Jul 31, 2003

Alex Chadwick is keeping an online diary for Slate about the launch of Day to Day, the new NPR newsmag that is being produced in partnership with ... Slate. Revelation: Chadwick made an intern cry.
A Yankee remake of the BBC's Coupling, coming to NBC this fall, will feature rewrites of the British scripts, the New York Daily News reported. The original Britcom now airs in the States on public TV stations.
Undercut fiscally by underwriting declines, San Francisco's KQED trimmed its work week and salaries 10 percent and reduced its staff 11 percent (including nine layoffs), the Associated Press reports.
In a New York Times op-ed, Yale political scientist David Greenberg weighs the meaning of a revelation in the new PBS Watergate documentary -- Nixon aide Jeb Magruder's remark that he heard Nixon okay the Watergate break-in. As reprinted in the Charlotte Observer.

Jul 30, 2003

Conservative writer Rob Long writes in the L.A. Times why he donates to NPR though its programming drives him to shout back, spraying his dashboard with angry spittle.
A Venice Beach bike repairman told coworkers a recent pledge to KCRW scored him "a kick-ass tote bag," "reports" the humor mag The Onion. (Last item under "News in Brief.")

Jul 28, 2003

WNET's Bill Baker decries the twin disasters of FCC deregulation and diminished support for pubcasters in an op-ed for the University of Minnesota's student newspaper.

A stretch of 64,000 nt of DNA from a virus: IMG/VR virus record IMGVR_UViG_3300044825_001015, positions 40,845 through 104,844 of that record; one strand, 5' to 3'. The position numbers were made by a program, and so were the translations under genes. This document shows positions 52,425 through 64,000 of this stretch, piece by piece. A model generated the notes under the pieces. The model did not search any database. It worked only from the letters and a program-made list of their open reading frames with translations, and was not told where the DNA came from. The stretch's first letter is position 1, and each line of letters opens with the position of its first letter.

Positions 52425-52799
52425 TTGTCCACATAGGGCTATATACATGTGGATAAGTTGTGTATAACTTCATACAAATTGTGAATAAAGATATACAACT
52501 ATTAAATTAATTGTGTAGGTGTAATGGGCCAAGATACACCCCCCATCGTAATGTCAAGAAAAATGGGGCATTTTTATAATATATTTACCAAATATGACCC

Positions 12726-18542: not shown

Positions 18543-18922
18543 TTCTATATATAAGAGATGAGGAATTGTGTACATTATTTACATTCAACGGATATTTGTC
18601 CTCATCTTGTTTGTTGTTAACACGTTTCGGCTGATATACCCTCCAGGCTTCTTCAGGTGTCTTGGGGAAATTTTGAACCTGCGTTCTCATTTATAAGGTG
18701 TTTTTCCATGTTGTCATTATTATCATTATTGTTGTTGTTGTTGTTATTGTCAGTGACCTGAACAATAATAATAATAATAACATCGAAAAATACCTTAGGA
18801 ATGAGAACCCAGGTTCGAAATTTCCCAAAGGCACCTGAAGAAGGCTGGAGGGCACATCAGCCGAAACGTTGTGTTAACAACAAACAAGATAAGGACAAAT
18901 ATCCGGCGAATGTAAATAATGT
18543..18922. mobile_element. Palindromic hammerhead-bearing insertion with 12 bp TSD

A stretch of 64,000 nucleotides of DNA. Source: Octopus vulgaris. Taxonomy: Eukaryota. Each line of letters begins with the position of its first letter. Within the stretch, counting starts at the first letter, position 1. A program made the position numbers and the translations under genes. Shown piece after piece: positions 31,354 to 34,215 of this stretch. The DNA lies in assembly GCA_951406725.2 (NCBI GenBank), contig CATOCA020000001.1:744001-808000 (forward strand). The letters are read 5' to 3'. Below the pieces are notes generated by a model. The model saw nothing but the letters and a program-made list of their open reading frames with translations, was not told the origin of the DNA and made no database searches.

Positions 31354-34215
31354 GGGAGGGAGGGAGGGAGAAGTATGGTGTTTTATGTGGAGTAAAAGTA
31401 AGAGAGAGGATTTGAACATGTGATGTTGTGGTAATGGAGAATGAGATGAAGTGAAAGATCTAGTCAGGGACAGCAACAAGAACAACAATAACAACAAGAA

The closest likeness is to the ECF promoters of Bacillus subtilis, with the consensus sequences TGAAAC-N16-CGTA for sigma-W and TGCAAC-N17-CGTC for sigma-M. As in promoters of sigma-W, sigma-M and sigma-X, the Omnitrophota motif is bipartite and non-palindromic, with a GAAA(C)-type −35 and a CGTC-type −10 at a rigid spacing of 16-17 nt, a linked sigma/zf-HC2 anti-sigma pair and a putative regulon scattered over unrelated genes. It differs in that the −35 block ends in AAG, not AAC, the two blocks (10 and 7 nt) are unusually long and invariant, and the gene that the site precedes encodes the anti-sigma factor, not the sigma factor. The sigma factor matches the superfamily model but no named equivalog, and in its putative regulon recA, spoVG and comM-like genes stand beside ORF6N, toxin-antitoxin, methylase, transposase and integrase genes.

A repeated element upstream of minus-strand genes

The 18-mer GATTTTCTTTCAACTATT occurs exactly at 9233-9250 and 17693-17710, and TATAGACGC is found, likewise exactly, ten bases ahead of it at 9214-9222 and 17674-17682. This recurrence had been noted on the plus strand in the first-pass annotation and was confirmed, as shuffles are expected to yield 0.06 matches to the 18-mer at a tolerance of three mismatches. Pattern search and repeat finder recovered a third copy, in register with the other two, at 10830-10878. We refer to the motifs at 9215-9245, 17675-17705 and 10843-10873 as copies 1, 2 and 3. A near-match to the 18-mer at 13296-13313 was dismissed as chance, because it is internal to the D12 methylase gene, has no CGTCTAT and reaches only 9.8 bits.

The new Broadway show Avenue Q, produced by former employees of Sesame Street, spoofs the kids' show by dragging it "into a curse-filled world of Gen-X angst, unemployment and promiscuous, drunken sex," writes Jake Tapper in The New York Times.
Public television producer John Schott has a weblog.
"We've changed our strategy from being an exporter of British programming into being a creator of global programs," says Mark Young, president of BBC Worldwide Americas, in the L.A. Times.

Jul 25, 2003

FCC Chairman Michael Powell is paying a hefty political price for ignoring populist concerns about big media, reports the Washington Post.
The team behind Day to Day, NPR's new midday newsmagazine, hope the show will be "looser" and "more spontaneous" than other network fare, reports The Los Angeles Times. Day to Day debuts Monday, July 28.

Jul 24, 2003

Marketplace host David Brancaccio is leaving the show to co-host PBS's Now with Bill Moyers. TV Barn has the PBS press release.
Religious broadcasters are among the entities bidding in the sale of Orange County public TV station KOCE, reports the Los Angeles Times.

Jul 23, 2003

New York Times columnist Frank Rich contemplates why liberals can't get a foothold on talk show TV.
A new genre of makeover programs flourishes in Britain, reports the New York Times. "Their proliferation has led to criticisms that British television, once known for its quality and innovation, has deteriorated into a showcase for relatively inexpensive programs that cater to viewers' lazier and meaner instincts."

Jul 22, 2003

A new report discusses the future of WNCW-FM in Spindale, N.C., according to the Asheville Citizen-Times. In the report, administrators at Isothermal Community College, the station's owner, tell their board that other broadcasters want to buy or manage WNCW. They also suggest changes to the station if the board decides not to sell. [Earlier coverage of WNCW in Current.]